Tuesday, April 28, 2015

The Year of the Office: New digs and a lot of self-doubt

Well, they like my work so much here at Wayward Cat Publishing that they've given me a bigger office!

Dianna, they said, you've been working so hard and producing so many words that you need a larger space, two closets, and two windows! And I said, well, don't mind if I do.

Actually, it didn't happen that way at all. I was in 329A. And the guy in 329, who has a real business mind you, wanted to expand. So we let him add 329A to his 329, thus eliminating the hassle of his having to change his address, and I moved over to 337. I can't help that it's a little bit bigger and has two windows. I have a big closet with shelves in it and the AC (control over the thermostat is not the boon one might think it is) and another closet with shelves just for my purse. I keep hearing Elizabeth Bennett in my head saying to Mr. Collins, "Shelves in the closet. Happy thought indeed."

I think it was the combination of the fancy new digs and reading a really great book that brought on a plague of self-doubt. I've heard that writers face this all the time--this feeling that we're frauds, that we...well, we suck at writing. And who do we think we are, anyway?

What if I'm not as fabulous as I think I am?
photo by Nimrod Zaphnath via Flickr

The book I read was called Star Splinter. I don't read much scifi and I figured I ought to, seeing as I like to write some fantasy stories on occasion. (I'm not saying they're the same thing, but they're related.) This story was fantastic. I thought, anyway. It was edge-of-your seat in some spots. Great peril. Our heroes weren't going to survive this! But they did!

And then I read that this was JG Cressey's first book and I nearly threw my Kindle across the room from the jealousy.

Cressey did it right! Cressey put his characters up in trees and then proceeded to throw rocks at them. And then he got a chainsaw and started cutting the trees down with them barely hanging onto the branches. And then he thew the damn chainsaw--still whirring!--at them.

So, I sat here in my brand new, big, fancy office that I absolutely do not deserve and only have because I have the best husband who does things like that, like putting his wanna be, thinks-she's-a-real-writer wife in a nice office downtown, wondering who the hell I think I am. Who do I think I am?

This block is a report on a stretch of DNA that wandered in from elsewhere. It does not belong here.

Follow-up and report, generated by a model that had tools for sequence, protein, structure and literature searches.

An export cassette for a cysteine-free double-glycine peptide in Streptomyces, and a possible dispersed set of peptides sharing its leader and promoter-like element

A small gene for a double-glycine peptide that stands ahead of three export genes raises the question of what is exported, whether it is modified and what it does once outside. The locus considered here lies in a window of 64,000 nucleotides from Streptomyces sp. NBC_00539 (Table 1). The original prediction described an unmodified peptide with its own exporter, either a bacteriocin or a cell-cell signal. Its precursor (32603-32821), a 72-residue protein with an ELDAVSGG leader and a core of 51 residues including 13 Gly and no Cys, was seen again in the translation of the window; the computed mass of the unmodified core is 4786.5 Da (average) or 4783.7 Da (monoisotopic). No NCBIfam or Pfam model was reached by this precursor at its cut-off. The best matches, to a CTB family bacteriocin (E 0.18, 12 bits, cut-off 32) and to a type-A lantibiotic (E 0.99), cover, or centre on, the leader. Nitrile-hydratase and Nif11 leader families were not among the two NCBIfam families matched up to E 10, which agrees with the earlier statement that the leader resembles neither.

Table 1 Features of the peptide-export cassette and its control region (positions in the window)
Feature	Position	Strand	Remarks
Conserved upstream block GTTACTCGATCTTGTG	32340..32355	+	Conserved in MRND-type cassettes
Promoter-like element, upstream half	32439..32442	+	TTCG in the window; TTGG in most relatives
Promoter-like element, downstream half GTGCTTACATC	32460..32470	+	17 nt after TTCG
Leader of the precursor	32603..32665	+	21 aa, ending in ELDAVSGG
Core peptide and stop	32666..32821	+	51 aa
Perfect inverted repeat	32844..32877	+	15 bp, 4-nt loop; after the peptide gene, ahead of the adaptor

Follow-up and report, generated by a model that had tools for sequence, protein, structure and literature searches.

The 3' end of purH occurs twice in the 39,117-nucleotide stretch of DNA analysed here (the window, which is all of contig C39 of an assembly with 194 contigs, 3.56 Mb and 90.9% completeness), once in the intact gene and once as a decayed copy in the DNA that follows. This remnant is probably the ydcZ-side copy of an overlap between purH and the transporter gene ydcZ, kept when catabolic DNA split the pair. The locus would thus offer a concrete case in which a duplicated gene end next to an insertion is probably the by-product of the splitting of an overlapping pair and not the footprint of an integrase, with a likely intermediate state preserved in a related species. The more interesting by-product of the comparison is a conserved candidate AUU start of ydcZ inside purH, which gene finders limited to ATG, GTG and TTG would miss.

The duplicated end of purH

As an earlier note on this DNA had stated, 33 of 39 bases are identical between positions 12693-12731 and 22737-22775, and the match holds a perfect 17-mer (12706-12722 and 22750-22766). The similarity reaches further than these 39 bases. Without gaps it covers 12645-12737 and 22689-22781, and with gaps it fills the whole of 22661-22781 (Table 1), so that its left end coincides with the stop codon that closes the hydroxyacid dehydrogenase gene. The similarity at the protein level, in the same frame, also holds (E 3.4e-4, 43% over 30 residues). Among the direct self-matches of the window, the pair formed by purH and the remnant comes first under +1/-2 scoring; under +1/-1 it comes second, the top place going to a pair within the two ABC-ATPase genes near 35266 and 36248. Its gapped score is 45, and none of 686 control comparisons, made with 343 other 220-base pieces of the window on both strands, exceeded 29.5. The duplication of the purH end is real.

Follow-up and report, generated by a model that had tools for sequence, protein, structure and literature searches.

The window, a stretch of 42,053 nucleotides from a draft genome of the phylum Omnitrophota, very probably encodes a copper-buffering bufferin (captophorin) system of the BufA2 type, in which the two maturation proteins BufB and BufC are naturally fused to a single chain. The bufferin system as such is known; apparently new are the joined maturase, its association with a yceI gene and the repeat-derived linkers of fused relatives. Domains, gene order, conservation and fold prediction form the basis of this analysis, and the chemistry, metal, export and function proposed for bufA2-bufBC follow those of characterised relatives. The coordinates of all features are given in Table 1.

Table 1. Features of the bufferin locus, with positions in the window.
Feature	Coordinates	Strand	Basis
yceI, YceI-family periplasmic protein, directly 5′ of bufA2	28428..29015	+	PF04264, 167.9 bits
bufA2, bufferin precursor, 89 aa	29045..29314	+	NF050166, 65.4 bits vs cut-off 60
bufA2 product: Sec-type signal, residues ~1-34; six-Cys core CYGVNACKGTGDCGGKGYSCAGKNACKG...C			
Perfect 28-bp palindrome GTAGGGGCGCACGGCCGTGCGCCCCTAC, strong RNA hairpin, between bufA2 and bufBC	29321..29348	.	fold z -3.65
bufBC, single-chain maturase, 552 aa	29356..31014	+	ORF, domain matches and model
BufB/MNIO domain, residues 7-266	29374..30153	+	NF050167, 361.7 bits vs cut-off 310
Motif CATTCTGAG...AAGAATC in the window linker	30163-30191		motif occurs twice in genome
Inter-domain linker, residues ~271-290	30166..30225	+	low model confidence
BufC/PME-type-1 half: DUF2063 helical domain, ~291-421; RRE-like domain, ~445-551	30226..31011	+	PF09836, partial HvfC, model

Where is the peril in my books? Where are the life and death situations? Why aren't my characters hanging off cliffs? I'm a crap writer. Crap I tell you! I have to go back into all of my books and toss my characters off some cliffs! I can't think of any peril in them at all!

But then I started thinking about some of them--my books, I mean. Camelia and Always Magnolia...well, the peril in those is what it should be. You've got a sassy suicidal drunk in Camelia standing on the roof of a building. You've got some freaky serial killing going on in Always Magnolia--in a literary kind of way. So, they're the way they are and they won't benefit from sticking anyone on the edge of a cliff. April MacMillan and Magnolia Hanson are already hanging from cliffs. Literary cliffs.

There's no cliff in Zombie Revolution. But let's face it, that one's a romp. You don't really put cliffs in romps so much. There's plenty of zombie and vampire gore in it and that's what it needs.

The fantasy, though. What about that? Do I need more peril in my fantasy? I don't know, to tell you the truth. But hubs sat me down and reminded me that the first book in The Kell Stone Prophecy series won second place in the fantasy category of the Royal Palm Literary Awards...so it must be at least sort of good. Right?

I'm writing some romantic comedy now. The only cliff in that is the cliff that says they are not getting together. No way! She hates that guy. So...maybe I'm doing things right, after all. I start to breathe again. I start to concentrate on writing, writing, writing. If I'm going to earn this office, I have to...well...earn this office.

As the self-doubt starts to fade, and I just get back to writing, telling the stories that are in my head, I realize that there isn't anything to be done. We do the best we can and write the best stories we can. Trust the process, always continue to learn, to be better, write better, work harder. But most important, like what we write. Love what we write.

If you can still get lost in your own books, you're doing a good job.

And thanks JG Cressey. Thanks a lot! (I mean, well done, dude!)